Raising awareness of sea turtle habitat

Raising awareness of sea turtle habitat

Daniel R. Evans

Florida’s natural coastal environments are being put under increasing pressure as the population in coastal communities grows and development encroaches on wildlife habitats. Florida’s Atlantic and Gulf coasts provide vital nesting habitat for the threatened loggerhead sea turtle (Caretta caretta), while Florida’s Atlantic coast provides vital nesting habitat for endangered green (Chelonia rnydas) and leatherback (Dermochelys coriacea) sea turtles. Coastal areas also contain some of the most fragile ecosystems in Florida.

Certain forms of development on nesting beaches discourage female sea turtles from nesting and increase turtle hatchling mortality. To minimize these impacts, it is essential that citizens and tourists become more informed about how their activities affect sea turtles and how people can support sea turtle conservation.

In 2002, the Sea Turtle Survival League (STSL), a program of the nonprofit Caribbean Conservation Corporation, initiated the Sea Turtle Nesting Habitat Awareness Campaign to promote a greater understanding of the impacts that coastal residents, businesses, and visitors can have on sea turtle nesting habitat. The campaign was an expansion of STSL’s 1999 Coastal Awareness Pilot Campaign and its ongoing Sea Turtle Migration-Tracking and Coastal Habitat Education Program, which began operation in 1996.

The Campaign has focused on Florida’s counties with sea turtle nesting beaches that have a local sea turtle conservation group available, and willing, to participate. It is divided into three parts: 1) providing local sea turtle groups with printed educational materials for distribution to coastal businesses; 2) acknowledging businesses that are “sea turtle friendly” through an awards program; and 3) providing online educational resources for the public.

The STSL provided local sea turtle conservation groups with educational material for distribution to beachfront hotels, restaurants, condominiums, retail stores, and realtors. It also coordinated the recognition of those businesses working to benefit sea turtle nesting habitat through the “sea turtle friendly” awards. To date, the Campaign has been conducted in Brevard, Collier, Indian River, Lee, Manatee, Martin, Palm Beach, Pinellas, Sarasota, St. Johns, Volusia, and Walton counties.

The “sea turtle friendly” awards program provides a great opportunity to recognize coastal businesses for going the extra mile to protect Florida’s sea turtles and their nesting beaches. The public is encouraged to support these businesses, thereby giving others an incentive to join the effort.

Since the Campaign began, nearly 800 coastal businesses have been approached to receive the educational materials with nearly 89 percent of these businesses accepting one of the materials. “Sea turtle friendly” awards have been given to nearly 60 coastal businesses in 11 of the 12 counties.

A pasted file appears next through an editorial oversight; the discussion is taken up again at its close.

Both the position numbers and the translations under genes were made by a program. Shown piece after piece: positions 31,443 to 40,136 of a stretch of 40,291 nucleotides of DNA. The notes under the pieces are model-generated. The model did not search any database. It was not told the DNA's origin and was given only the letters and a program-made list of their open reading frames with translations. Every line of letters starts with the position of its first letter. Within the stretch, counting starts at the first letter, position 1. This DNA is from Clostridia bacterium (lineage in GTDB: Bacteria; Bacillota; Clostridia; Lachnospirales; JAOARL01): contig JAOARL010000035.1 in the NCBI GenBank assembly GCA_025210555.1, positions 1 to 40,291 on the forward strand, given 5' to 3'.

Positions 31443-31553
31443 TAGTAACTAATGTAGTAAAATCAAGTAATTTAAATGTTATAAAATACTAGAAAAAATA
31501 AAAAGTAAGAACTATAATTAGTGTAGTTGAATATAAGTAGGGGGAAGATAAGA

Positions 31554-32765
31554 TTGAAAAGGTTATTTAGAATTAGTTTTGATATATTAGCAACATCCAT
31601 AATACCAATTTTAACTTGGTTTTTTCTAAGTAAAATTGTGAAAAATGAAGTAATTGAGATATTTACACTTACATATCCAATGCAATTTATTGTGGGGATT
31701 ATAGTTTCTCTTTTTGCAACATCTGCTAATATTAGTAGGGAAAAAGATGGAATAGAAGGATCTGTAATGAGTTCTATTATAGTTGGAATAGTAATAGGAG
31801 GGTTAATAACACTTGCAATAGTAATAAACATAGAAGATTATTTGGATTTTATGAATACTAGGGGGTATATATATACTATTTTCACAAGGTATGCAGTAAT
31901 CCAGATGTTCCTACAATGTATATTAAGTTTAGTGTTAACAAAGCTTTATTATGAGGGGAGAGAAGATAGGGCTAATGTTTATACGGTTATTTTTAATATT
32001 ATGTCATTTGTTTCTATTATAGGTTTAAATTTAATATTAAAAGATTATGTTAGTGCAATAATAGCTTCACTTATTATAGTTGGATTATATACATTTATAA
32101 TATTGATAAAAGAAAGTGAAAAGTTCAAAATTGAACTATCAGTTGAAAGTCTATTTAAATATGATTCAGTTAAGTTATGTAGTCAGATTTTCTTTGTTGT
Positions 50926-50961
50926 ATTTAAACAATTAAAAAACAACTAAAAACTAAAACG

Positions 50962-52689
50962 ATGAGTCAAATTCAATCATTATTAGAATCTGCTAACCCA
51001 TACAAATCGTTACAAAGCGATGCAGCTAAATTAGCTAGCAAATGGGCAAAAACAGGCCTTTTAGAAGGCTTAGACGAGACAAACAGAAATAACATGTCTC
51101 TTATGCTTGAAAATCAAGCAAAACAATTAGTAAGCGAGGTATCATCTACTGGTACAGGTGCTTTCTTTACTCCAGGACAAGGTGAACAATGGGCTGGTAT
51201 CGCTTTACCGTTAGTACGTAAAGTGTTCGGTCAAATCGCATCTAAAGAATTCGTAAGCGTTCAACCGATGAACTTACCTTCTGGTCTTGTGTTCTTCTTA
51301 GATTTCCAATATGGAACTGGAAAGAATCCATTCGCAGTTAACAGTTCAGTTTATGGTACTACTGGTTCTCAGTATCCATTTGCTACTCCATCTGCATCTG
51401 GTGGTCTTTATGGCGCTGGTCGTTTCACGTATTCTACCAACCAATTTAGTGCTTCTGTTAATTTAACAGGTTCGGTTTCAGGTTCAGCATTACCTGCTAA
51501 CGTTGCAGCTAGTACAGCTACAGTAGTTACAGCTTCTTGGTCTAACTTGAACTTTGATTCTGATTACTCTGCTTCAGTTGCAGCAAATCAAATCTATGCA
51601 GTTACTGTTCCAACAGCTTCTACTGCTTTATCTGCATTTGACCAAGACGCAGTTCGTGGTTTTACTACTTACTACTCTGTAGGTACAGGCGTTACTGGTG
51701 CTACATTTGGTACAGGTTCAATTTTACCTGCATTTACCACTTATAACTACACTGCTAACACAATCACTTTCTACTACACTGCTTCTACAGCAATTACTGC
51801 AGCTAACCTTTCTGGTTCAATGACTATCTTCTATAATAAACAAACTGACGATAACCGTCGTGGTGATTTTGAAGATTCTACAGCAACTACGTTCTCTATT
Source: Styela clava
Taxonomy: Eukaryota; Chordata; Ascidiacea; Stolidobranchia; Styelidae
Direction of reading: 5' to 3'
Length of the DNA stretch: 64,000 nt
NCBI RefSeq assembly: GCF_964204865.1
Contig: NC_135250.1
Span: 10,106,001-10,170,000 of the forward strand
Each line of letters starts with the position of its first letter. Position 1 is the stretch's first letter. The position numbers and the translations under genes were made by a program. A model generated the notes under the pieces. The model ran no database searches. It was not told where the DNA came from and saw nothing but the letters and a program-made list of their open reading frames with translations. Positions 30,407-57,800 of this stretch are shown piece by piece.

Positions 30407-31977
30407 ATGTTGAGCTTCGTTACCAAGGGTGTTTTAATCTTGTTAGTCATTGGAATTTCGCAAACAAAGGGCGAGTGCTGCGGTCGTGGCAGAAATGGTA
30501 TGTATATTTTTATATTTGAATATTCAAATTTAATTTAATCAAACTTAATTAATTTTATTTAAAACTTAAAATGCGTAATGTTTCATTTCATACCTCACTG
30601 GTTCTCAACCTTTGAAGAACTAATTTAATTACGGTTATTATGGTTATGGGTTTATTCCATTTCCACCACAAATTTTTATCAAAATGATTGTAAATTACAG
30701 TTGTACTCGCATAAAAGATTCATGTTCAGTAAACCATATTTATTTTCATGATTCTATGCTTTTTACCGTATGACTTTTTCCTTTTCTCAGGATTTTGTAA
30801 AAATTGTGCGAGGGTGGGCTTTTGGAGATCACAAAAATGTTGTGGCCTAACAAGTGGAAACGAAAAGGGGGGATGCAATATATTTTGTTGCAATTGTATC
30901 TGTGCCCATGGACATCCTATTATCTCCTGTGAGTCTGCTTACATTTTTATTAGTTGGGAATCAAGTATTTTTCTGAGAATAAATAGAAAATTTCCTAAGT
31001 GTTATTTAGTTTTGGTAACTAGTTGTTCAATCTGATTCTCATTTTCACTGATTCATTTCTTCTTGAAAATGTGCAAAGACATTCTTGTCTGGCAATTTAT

The online component of the Campaign expanded the STSL section of the Caribbean Conservation Corporation (CCC) website at www.cccturtle.org to include additional coastal habitat information, and coverage of issues related to the State’s coastal management policies. During 2003, the CCC website welcomed more than 220,000 new visitors, for an average of more than 610 new visitors per day. (Note: these are new, distinct visitors, not “hits.”)

The CCC was founded in 1959. Based in Gainesville, Florida, it is the oldest organization in the world dedicated solely to the research and conservation of marine turtles and their habitats. In 1993, the CCC established the Sea Turtle Survival League program to address issues affecting sea turtles and their vital nesting beaches in Florida.

The educational material developed by STSL includes “Do Not Disturb” door-hang tags, three-sided “table top tents,” and double-sided placemat coloring sheets. Each cooperating group has received 3,000 to 5,000 of each item for local distribution. In addition to a colorful photo, the door-hang tags have county-specific information about sea turtles and the coastal ecosystem, suggestions on how to reduce the impact of visitor activities, and contact information for the local group(s) taking part in the Campaign. The table top tents contain similar information. The coloring sheets provide additional sea turtle information and graphics, such as a sea turtle size chart, puzzles, and games.

Marine Turtle Conservation Act of 2004

The Marine Turtle Conservation Act of 2004 was signed into law on July 2. This bill was created to assist in the conservation of marine turtles and the nesting habitats of marine turtles in foreign countries. The bill would accomplish this by creating a Multinational Species Conservation Fund to support conservation of imperiled marine turtle species, such as loggerhead, green, hawksbill, Kemp’s ridley, olive ridley, and leatherback. As of September 2004, no funds have been appropriated for the implementation of this Act.

Daniel R. Evans is the Education Coordinator for the Caribbean Conservation Corporation, 4424 NW 13th St, Suite A-1, Gainesville, FL 32609, (352) 373-6441, (352) 375-2449, drevans@cccturtle.org.

COPYRIGHT 2004 U.S. Fish & Wildlife Service

COPYRIGHT 2005 Gale Group